Talking to Children About STEM Fields Boosts Test Scores and Career Interest
A new study finds parents who talk with their high schoolers about the relevance of science and math can increase competency and career interest in the fields. The findings, published January 17 in the Proceedings of the National Academy of Sciences, show a 12 percentage point increase on the math and science ACT for students whose parents were provided with information on how to effectively convey the importance of STEM. The same students also are likely to be more interested in pursuing STEM careers, including taking STEM classes in college and having a favorable impression of the fields.
Buffalo Students Unveil Unusual New Science Technology
In one of the most rural elementary schools in the metropolitan Quad-Cities, a quiet revolution is beginning in the science curriculum. Buffalo Elementary School formally introduced virtual reality, or VR technology, that will become part of the school’s and district’s science curriculum. The innovations, Davenport Community Schools Superintendent Art Tate said, are a critical part of the future. Buffalo Elementary is said to be the first in the country to incorporate VR into the Next Generation Standards Science Curriculum.
Partnerships with Libraries: Share Your Thoughts and Win
The Afterschool Alliance, along with the STAR Library Education Network and the American Library Association, wants to know if and how afterschool providers are working with public libraries. Take the survey and be eligible to win the grand prize WRiTE BRAiN BOOKS’ 20-week afterschool creative writing and literacy curriculum a $1,200 value.
What’s Hot: 9 Major Ed Tech Trends for 2017
Figuring out just what will captivate educators from one year to the next is a fickle business. The use of gaming, flipped learning, banning cell phones and purchasing tablets appear to be waning, while some new movements are definitely waxing. According to 16 education experts THE Journal conferred with, you will be hearing a lot more about nine instructional areas in particular: active learning, augmented reality, maker spaces, Next Generation Science Standards, open educational resources, robotics and STEAM, coding and student privacy. Those last two are red hot. Among the nine, only two of those topics surfaced in last year’s list too: coding and OER.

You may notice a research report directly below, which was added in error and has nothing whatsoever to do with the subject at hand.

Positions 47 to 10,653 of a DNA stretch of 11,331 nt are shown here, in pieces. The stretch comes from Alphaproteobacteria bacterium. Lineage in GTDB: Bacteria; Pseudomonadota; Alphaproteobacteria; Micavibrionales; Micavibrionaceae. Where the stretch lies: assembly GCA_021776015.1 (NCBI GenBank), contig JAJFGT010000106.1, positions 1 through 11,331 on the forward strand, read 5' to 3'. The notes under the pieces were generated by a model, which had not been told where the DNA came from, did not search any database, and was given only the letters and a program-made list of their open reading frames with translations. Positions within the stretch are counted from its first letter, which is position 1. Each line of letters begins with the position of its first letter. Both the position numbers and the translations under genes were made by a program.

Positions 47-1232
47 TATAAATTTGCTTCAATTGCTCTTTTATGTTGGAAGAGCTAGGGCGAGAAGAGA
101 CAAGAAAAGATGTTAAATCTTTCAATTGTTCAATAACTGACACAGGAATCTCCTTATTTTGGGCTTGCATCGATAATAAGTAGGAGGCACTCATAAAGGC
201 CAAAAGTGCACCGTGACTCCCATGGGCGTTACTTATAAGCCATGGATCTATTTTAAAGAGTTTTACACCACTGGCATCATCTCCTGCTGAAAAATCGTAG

LeVar Burton: Digital Devices Can Embrace Storytelling
LeVar Burton hosted the long-running and much-loved PBS children’s show Reading Rainbow. When the show was cancelled Burton took this opportunity to create a relationship between children, literature and digital devices. The Reading Rainbow Skybrary (Reading Rainbow app) was developed and released in the summer of 2012 and is available across a multitude of platforms. A product specifically for schools that teachers can use in the classrooms with emerging readers was also developed.
Connected Science Learning: Call for Contributions
Deadline: March 31, 2017
The theme for the fourth issue of Connected Science Learning (to be published in fall 2017) is going to be STEM for Early Learners.
Can Children Learn from a “Mixed-Reality” Game?
Students at a Pennsylvania elementary school tested a “mixed-reality” learning tool that includes building blocks, computer-generated feedback and collaborative tasks. The test is part of a partnership with Carnegie Mellon to study the role of technology in teaching and learning.
Worried About Screen Time? Don’t Let Kids Go It Alone
There are more than 80,000 educational apps in Apple’s app store. It seems like a great way to encourage brain development. But just sticking a tablet in kids hands might not be as helpful. Two and three-year-olds who saw a ghost demonstration of how to use an app had a hard time replicating the task but did well after a person sitting next to them showed them how to use the app. Researchers concluded that having a human guide — often referred to as having social scaffolding — helped these young children learn.